I am looking out my home office window and watching in fascinated horror as a Northern Goshawk rips off feathers and pulls out bloody morsels from one of the male Mallards that was just minutes ago eating grain in our snowy backyard. I am trying to see it from the Goshawk’s point of view as I watch the terrible, riveting sight. For almost an hour, the Goshawk has feasted, twice spreading its wings to mantle the duck as a raven flew over, and then a few Mallards actually came down for a few seconds before they saw the Goshawk and fled in terror. The Goshawk flew away when I went outside, and immediately four Common Ravens circled low, looking for leftovers, but I bagged the remains so I could let our dog go out in the yard. Maybe at least for tonight I’ll have a completely vegetarian meal. This is the way Nature is, but oh my goodness, it’s hard to take when it’s so up close and personal!
The pictures below are a small sampling of the zillions of pictures that I took, with the last sets of photos taken through the outside steps because the Goshawk had moved the prey to a different location from the initial kill site.
The title says it all, but I’ll illustrate with a few photos taken from inside our house –
The snow –
The cold (the time on this readout is not our local Anchorage time, but some meteorological reference, GMT, I believe, entered by Dave)-
The beauty, with a nearly full moon through the branches west of our house and the pink skies east of our house this morning –
I wish everyone the best for this holiday season!
Today was the Anchorage CBC. Due to the short days, a full day of birding was about 5-plus hours. The temperature was just below 20 degrees, and there was little wind, so it was a very pleasant though mostly cloudy day to be birding. My assigned area, as for the past couple of years, was along Chester Creek and nearby neighborhoods. Most of my day was spent walking on the newly snow-covered trail along the creek. Most of the birds seen were the usual ones for the area and season, with one notable exception (see below).
Scenes from my walk follow:
Ducks seen were Mallards and a single Common Goldeneye:
Although in previous years there were multiple American Dippers in the area, I only found one of them today:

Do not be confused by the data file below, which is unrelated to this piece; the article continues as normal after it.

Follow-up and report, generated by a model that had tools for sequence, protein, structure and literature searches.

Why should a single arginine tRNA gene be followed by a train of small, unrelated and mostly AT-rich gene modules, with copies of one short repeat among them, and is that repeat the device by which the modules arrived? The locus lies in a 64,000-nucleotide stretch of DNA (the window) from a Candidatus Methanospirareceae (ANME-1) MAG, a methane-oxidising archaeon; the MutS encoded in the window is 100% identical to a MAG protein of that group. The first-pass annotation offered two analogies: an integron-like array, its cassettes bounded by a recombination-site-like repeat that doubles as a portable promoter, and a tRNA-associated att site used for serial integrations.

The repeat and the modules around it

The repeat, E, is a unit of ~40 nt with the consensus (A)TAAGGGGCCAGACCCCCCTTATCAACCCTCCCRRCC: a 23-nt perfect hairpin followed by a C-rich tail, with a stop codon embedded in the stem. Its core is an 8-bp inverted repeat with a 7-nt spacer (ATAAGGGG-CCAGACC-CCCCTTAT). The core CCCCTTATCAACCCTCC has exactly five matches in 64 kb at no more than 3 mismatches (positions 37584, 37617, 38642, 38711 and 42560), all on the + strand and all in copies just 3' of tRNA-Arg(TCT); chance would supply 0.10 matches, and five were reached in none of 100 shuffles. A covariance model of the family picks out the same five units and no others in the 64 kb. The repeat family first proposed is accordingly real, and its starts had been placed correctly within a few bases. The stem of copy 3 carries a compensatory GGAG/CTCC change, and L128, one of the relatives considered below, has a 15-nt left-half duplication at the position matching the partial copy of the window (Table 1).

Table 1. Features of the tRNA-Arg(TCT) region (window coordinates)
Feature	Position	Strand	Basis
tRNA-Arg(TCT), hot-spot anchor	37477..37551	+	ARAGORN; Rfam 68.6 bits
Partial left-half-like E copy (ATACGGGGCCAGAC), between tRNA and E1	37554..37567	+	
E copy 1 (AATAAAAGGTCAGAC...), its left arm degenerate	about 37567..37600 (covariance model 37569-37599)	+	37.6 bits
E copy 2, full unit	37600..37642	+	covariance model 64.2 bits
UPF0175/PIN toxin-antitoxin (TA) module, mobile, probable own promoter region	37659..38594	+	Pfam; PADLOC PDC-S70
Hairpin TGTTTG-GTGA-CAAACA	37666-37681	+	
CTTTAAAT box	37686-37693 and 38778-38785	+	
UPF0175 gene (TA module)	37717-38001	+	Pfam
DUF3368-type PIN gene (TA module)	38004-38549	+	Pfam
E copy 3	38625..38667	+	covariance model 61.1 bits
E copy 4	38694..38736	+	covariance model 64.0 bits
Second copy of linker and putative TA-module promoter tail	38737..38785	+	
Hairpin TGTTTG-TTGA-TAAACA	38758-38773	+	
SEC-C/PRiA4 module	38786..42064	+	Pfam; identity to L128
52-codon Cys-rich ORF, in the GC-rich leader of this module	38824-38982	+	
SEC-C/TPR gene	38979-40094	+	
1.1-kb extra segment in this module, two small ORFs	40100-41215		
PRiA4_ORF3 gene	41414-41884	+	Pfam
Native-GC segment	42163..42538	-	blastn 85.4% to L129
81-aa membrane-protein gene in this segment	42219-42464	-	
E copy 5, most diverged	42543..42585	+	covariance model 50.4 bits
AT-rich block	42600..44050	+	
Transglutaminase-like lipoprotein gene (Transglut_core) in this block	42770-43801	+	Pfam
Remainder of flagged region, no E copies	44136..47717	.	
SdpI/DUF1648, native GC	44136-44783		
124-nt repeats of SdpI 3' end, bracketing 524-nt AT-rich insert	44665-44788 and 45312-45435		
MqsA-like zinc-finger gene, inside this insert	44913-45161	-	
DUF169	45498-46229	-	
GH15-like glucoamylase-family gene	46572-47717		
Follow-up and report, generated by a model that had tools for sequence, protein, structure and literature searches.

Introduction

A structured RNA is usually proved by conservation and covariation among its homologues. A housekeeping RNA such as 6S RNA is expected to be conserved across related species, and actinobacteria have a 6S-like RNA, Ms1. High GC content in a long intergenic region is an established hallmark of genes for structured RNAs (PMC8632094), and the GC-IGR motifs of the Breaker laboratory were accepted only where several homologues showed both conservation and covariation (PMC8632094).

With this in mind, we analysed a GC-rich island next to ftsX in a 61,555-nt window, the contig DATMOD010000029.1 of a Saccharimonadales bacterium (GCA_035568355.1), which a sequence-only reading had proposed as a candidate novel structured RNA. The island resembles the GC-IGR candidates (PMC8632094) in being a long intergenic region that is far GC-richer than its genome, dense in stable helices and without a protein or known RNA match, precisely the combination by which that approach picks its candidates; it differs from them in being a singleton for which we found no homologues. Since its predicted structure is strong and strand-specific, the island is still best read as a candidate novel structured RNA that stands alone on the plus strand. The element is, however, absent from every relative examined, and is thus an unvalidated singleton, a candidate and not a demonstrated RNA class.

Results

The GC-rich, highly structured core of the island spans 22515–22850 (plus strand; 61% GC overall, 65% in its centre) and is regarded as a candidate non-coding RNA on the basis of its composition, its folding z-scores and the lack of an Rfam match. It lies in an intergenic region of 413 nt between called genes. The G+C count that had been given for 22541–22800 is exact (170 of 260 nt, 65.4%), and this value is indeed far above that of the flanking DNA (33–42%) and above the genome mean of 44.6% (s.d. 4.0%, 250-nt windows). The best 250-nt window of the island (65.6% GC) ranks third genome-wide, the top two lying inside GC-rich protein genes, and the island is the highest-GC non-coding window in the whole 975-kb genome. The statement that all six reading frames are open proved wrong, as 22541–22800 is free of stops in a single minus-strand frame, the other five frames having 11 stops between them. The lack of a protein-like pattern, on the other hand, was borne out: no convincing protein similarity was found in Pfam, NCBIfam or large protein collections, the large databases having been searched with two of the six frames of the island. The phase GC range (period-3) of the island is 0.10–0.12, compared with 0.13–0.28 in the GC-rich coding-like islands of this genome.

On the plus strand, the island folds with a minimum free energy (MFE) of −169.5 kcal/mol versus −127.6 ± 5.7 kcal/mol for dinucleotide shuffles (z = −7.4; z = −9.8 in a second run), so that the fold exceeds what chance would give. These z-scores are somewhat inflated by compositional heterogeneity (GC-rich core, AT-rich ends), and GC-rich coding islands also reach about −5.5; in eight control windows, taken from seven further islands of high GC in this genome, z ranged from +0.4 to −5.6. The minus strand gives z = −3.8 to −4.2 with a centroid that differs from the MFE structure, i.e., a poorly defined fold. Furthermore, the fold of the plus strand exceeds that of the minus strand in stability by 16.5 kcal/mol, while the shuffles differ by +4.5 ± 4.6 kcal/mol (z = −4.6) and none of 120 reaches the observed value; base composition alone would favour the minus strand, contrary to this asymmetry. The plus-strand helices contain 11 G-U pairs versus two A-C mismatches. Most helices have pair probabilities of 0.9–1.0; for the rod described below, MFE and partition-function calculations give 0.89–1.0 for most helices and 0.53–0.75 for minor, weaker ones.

Other birds seen by me include: Black-capped and Boreal Chickadees, Red-breasted Nuthatch, Common Ravens, Black-billed Magpies, two Pine Grosbeaks, and a handful of American Robins.
The highlight birds for me, two of them, were Varied Thrushes, which no one else saw today on the count, as they are basically not known to winter here! They appeared to be a male and a female (or possibly a young bird), which were perched with robins and were not seen with each other.
Scenes from the count-down gathering this evening are below. If you are interested in total bird counts, etc. for the complete Anchorage count circle, you will need to check the Anchorage Audubon website in days to come after everything gets officially tallied.
I spent Dec. 4-7 in Nome, where, as I expected, there were few bird species around. Unexpectedly, however, the Nome harbor area was full of gulls. This is apparently very unusual, and every time I tried to post my sightings on eBird, I was asked the same thing: was I really sure that I had seen this many gulls? The video below shows one pan of just one of the gull flocks, so you can get an idea of what fun it was to try to count them.
Gull species were mostly Glaucous, but there were also multiple Glaucous-winged and Herring, a Thayer’s or two and two Slaty-backed Gulls. Below are some pictures of scenery and birds (gull, Gyrfalcon (2 different birds, at least) and buntings, mostly McKay’s Buntings and a couple of Snow Buntings) taken during that trip.
My kind hosts, Remi & Igor, shared their home and wonderful meals with me.
Since I have been home, it has finally become winter, evidenced by yesterday’s 5-6 inches of snow and another inch or two since then. We now are a 2-snow-thrower family, the “his” version being shown below.